Interview with Colin Rafferty


What is a current project you are working on?

I’m working on a series of audio essays on Americana that’s trying to use as much public domain sound as possible. It’s been an interesting way of looking at this country, and a crash course in both editing software and copyright law.

What is the piece of writing advice, good or even bad, that you have received that has impacted you the most?

My high school computer lab had a program that analyzed our writing, and among its statistics that it reported was the percentage of “to be” verbs in the paper. My senior English teacher, Mrs. Wareham, required that our papers have no more than 30% “to be” verbs, and since then, I’ve been deeply aware of using (and overusing) them.

What are some of the greatest influences upon your writing, whether other writers or outside influences?

I have a wall in my office on which I’ve tacked up a lot of maps of museums, and I think a lot about how museums work and how they present the visitor with both artifacts and narratives in an engaging way. I think this is also how essays work—they take what happened and arrange those things in a way that’s interesting for the reader to experience. You can build a museum that’s a white box and you can write an essay that’s a straightforward realist memoir, or you can build a building or write an essay in which the form, the shape is as much as part of the experience as what’s inside it.

What inspired you to write a series of essays about the presidents? What is your method for writing these essays?

I wanted to mess around with the lyric essay, because I noticed that lyric essays were writing wild, experimental pieces that were almost always based in memoir, and that seemed limited to me. Choosing the presidents gave me 44 subjects about whom I could write essays that were both experimental in nature and fact-checkable in content. It also gave me a fairly stable subject matter—or so I thought when I started the project.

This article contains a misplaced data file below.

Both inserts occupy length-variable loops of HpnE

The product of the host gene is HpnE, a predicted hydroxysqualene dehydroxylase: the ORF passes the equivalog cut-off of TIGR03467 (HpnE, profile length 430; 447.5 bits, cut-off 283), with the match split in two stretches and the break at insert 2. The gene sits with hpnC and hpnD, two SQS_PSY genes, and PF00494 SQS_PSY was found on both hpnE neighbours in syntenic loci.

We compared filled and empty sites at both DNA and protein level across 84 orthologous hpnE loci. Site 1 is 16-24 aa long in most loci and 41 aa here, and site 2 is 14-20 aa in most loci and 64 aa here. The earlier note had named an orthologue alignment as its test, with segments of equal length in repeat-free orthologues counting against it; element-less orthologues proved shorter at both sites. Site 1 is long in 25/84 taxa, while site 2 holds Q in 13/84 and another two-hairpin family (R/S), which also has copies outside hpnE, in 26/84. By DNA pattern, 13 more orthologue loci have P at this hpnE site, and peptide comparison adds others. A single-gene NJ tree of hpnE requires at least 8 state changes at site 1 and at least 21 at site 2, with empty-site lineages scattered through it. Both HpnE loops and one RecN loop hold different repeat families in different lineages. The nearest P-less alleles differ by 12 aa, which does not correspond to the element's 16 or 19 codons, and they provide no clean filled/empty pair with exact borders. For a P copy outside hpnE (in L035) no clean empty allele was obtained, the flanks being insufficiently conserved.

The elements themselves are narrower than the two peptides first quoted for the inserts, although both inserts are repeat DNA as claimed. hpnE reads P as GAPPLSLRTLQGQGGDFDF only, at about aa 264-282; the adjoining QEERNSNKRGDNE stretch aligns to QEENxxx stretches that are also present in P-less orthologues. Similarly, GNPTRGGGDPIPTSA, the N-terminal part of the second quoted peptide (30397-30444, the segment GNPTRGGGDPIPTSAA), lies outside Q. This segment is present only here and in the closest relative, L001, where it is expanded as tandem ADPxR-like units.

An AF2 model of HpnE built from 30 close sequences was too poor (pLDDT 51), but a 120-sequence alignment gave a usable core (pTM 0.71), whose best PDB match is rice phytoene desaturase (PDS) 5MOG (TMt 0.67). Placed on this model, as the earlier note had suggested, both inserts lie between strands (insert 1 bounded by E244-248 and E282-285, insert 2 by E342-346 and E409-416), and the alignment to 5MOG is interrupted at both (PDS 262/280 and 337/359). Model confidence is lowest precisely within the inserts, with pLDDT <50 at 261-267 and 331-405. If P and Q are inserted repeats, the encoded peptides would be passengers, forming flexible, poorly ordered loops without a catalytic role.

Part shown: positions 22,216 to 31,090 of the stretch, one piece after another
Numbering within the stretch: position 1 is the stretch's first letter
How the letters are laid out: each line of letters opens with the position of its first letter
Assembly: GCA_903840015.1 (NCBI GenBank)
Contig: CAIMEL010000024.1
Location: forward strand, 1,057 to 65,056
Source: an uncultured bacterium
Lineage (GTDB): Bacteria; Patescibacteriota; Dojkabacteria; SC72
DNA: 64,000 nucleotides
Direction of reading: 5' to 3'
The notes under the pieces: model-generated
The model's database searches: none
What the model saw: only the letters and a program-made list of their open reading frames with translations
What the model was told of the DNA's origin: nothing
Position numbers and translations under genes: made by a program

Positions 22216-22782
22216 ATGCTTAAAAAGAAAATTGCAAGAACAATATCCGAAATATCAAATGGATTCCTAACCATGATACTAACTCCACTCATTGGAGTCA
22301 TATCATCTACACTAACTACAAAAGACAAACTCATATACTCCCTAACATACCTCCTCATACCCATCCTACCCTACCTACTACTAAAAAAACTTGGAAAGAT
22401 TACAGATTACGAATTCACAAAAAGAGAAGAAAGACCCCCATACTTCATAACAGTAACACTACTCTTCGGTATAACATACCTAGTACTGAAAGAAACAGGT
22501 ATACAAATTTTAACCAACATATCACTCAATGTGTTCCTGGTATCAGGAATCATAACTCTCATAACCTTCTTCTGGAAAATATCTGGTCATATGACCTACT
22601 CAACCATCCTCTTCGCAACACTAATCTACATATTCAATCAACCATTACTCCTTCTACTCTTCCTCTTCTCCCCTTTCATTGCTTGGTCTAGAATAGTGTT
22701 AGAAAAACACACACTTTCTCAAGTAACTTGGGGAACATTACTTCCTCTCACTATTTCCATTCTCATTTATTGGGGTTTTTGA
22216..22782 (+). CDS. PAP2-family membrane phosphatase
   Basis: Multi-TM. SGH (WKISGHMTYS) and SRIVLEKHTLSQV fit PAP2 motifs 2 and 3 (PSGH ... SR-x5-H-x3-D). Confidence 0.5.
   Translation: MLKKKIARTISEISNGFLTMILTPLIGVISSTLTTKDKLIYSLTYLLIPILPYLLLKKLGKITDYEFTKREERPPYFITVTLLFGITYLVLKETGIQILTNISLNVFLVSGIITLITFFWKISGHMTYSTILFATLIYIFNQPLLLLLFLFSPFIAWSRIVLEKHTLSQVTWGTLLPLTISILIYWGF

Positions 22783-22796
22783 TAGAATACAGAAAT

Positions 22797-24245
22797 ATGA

To write the essays, I usually started with a general idea about subject and form, like thinking about Ronald Reagan and a movie script or Franklin Pierce and a medical diagnosis. In the case of “Pardon (#39),” it was thinking about Jimmy Carter and his pardon of the Vietnam draft dodgers, and combining that with Carter’s faith and its role in his presidency. It was also a way to engage with the Bible, which is certainly the most successful nonfiction text of all time. With that seed of an idea in mind, I’d go for a walk, turning phrases and ideas around in my head until something finally clicked into place, at which point I’d head for the nearest coffee shop to write out a first draft in longhand.

Do you have a favorite place to write, or are there any habits, rituals, inspirations, etc. that help you write best? 

I like writing in public because it puts the pressure on me to produce something. Buying a coffee gets me a table space for a limited time, and I don’t want to waste it. For that reason, I’ve tried to pare down my writing rituals to something as simple as possible: pens I like, notebooks that are nice but not too nice, a playlist on my phone that’s interesting enough to distract the critical part of me, a cup of coffee, and go! Anything that takes longer would just be procrastination on my part.

Can you recommend one book that you think everyone should read and tell us why?

I really love Suzanne Buffam’s A Pillow Book, which not only stands in conversation with Sei Shonagon’s The Pillow Book, one of the oldest pieces of nonfiction writing, but also points towards a future for nonfiction, with its fragmented sections, lists, and keen juxtaposition of research and memoir. It’s a hybrid work, published by a poetry press, and it’s just great.